Adrienne Celt poses with her dog Paul and her newest book "Invitation to a Bonfire." 

When Adrienne Celt writes a book, she lives it. 

To understand opera for her first novel "The Daughters," she took lessons. 

For a yet unannounced book, she took riding lessons at a Marana ranch and ended up impulse-buying a horse — Lady — when the ranch closed. She still rides a few times a week. 

Her newest book, "Invitation to a Bonfire," grew out of personal research she did about the lives of author Vladimir Nabokov and his wife Véra Nabokov. When she learned about Vladimir Nabokov's infidelity, she began wondering about the individuals tethered by this love triangle. 

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"Invitation to a Bonfire" by Adrienne Celt was published June 5, 2018 by Bloomsbury Publishing. 

"(The book) is inspired but definitely not based on them because that's where the resemblance ends," Celt, 34, says. "I started writing very quickly, like in a rush. As soon as the characters came to me, I was passionately attached to them and felt like I knew a lot about them right away." 

She called this book her "secret affair manuscript" because she was working on another project when inspiration struck. "Invitation to the Bonfire" hit shelves earlier this week and has its Tucson launch at Antigone Books on Friday, June 8. That earlier project still isn't done.  

"I read an advance copy of 'Invitation to a Bonfire' and loved it, so I'm personally thrilled we will be hosting Adrienne's launch and sharing her latest novel with our community," writes Morgan Miller, an owner at Antigone Books, in an email.

Celt already bought cake — so people should come, she says with a laugh. 

A literary thriller told through letters and diaries, "Invitation to a Bonfire" follows Zoya Andropova, the daughter of deceased Russian revolutionaries. In the United States, she ends up in a snooty girls boarding school in New Jersey in the 1920s. Following graduation, she meets Russian author Leo Orlov and begins an affair with him. Obviously, complications arise. 

That's what Celt — and the back of the book — told us. For more, you'll have to read it for yourself. 

For Celt, writing books is living the dream. This is what she wanted to do even as a little girl growing up in Seattle. 

At Grinnell College in Iowa, she studied philosophy and Russian language — inspired by her family's Russian and Polish heritage — and spent a semester in St. Petersburg.

After college, she cast a wide job application net, searching for something in marketing or publishing.

A response to a Craigslist post by a third-party hiring company landed her a job for three years — with Google. 

"It was really weird," she says. "That was a big surprise, when I talked to the guy on the phone for the first time, the hiring manager ... He's like, 'It's Google. You've probably heard of it.'" 

Celt did marketing and advertising writing for Google for several years before she left the job to earn her master of fine arts degree in creative writing from Arizona State University. 

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To write her books, Adrienne Celt lives them. While writing her first novel "The Daughters," she took opera lessons to better understand the world of her characters.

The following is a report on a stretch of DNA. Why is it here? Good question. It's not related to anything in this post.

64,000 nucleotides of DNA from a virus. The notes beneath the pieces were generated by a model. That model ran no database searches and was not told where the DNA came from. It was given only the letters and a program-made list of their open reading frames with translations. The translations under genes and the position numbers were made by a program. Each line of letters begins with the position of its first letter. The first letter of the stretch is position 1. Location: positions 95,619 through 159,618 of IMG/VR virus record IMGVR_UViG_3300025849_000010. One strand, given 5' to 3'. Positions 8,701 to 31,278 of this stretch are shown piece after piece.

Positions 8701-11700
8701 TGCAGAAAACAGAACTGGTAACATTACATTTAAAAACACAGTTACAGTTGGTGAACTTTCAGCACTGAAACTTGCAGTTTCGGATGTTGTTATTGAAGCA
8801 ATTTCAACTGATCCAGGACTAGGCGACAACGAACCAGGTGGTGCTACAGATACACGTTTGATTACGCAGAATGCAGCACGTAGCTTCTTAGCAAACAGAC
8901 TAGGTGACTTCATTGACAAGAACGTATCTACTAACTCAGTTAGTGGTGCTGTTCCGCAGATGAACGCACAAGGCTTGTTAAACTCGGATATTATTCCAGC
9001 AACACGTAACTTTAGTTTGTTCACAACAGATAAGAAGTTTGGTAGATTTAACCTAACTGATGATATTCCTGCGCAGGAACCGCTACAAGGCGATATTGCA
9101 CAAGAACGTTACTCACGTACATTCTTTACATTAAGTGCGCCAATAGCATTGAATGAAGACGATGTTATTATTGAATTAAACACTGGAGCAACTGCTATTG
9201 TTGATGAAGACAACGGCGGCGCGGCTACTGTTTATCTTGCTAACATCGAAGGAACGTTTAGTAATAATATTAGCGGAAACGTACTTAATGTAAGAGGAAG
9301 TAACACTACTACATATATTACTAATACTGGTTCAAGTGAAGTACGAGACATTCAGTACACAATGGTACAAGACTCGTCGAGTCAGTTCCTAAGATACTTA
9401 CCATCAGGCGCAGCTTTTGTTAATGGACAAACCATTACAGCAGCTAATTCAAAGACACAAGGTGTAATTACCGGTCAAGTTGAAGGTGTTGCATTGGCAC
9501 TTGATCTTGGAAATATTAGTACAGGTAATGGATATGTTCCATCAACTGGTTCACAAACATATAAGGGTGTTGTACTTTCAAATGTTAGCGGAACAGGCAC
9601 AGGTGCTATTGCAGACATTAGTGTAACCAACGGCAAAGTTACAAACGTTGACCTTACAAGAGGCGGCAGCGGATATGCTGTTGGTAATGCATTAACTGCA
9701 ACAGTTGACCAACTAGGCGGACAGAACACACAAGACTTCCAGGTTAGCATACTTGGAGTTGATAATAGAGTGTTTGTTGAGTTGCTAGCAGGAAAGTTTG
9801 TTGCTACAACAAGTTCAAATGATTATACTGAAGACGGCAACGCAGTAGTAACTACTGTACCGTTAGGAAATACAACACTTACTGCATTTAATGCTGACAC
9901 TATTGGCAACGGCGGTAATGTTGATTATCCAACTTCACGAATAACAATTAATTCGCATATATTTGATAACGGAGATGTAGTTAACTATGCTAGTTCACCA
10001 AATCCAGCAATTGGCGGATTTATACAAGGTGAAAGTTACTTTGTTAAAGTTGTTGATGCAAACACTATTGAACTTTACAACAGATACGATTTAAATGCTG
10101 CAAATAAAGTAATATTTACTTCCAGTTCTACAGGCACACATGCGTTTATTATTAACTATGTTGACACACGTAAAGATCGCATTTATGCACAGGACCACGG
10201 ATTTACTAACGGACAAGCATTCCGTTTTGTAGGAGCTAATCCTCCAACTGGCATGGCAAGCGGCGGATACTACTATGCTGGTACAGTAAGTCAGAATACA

"The M.F.A. made me take myself more seriously," she says. "Even just preparing to go and applying and deciding it was something I wanted to do allowed me to view my career as something I had a little more agency over and that was important." 

She and her husband moved several times for family reasons before settling in Tucson in 2013. Celt is working for Google again, remotely and part-time, this time writing responses for the Google Assistant. 

"We don't do all of the basic conversational elements," she says of the team she works with. "But we do collections of things like animal facts or if you ask it to compliment you." She adds poems, games and songs to that list. 

That means if you say, "Hey Google," it could be Celt's words answering you back. 

Celt is also a cartoonist, who posts a weekly comic (most) Wednesdays about animals and their philosophical musings.  The strip "Love Among the Lampreys" is a break from words. 

"In college, I started drawing a comic strip because I read the school paper would pay you $20 a strip," she says. "I thought, 'That's great, because they have no quality standards because they have no one doing it.'" 

With a mother who painted and a grandmother who stashed stacks of Archie Comics from the 50s and 60s, Celt realized how much she loved drawing during her M.F.A. program. 

This is something she does just for herself. 

(Although she does dream of creating a graphic novel someday and has a published collection of comics called "Apocalypse How? An Existential Bestiary). 

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Adrienne Celt, right, helps Kate Hennessey with a novel she’s writing as part of the library’s writer-in-residence program.

Her work explores themes including identity, memory, ambition and the roles of women in the world. Her writing has won a number of awards, including the 2015 PEN Southwest Book Award for Fiction for "The Daughters" (which was part of her M.F.A. thesis). In the summer of 2016 she was the Pima County Public Library's writer-in-residence.

"If I could just write books for the rest of my life, I would be a happy person," she says. 


If you go

What: The Tuscon launch party of "Invitation to a Bonfire" with author Adrienne Celt

When: Friday, June 8, 7 p.m. 

Where: Antigone Books, 411 N. Fourth Ave.

Cost: Free (the book costs $26)

More info: Visit antigonebooks.com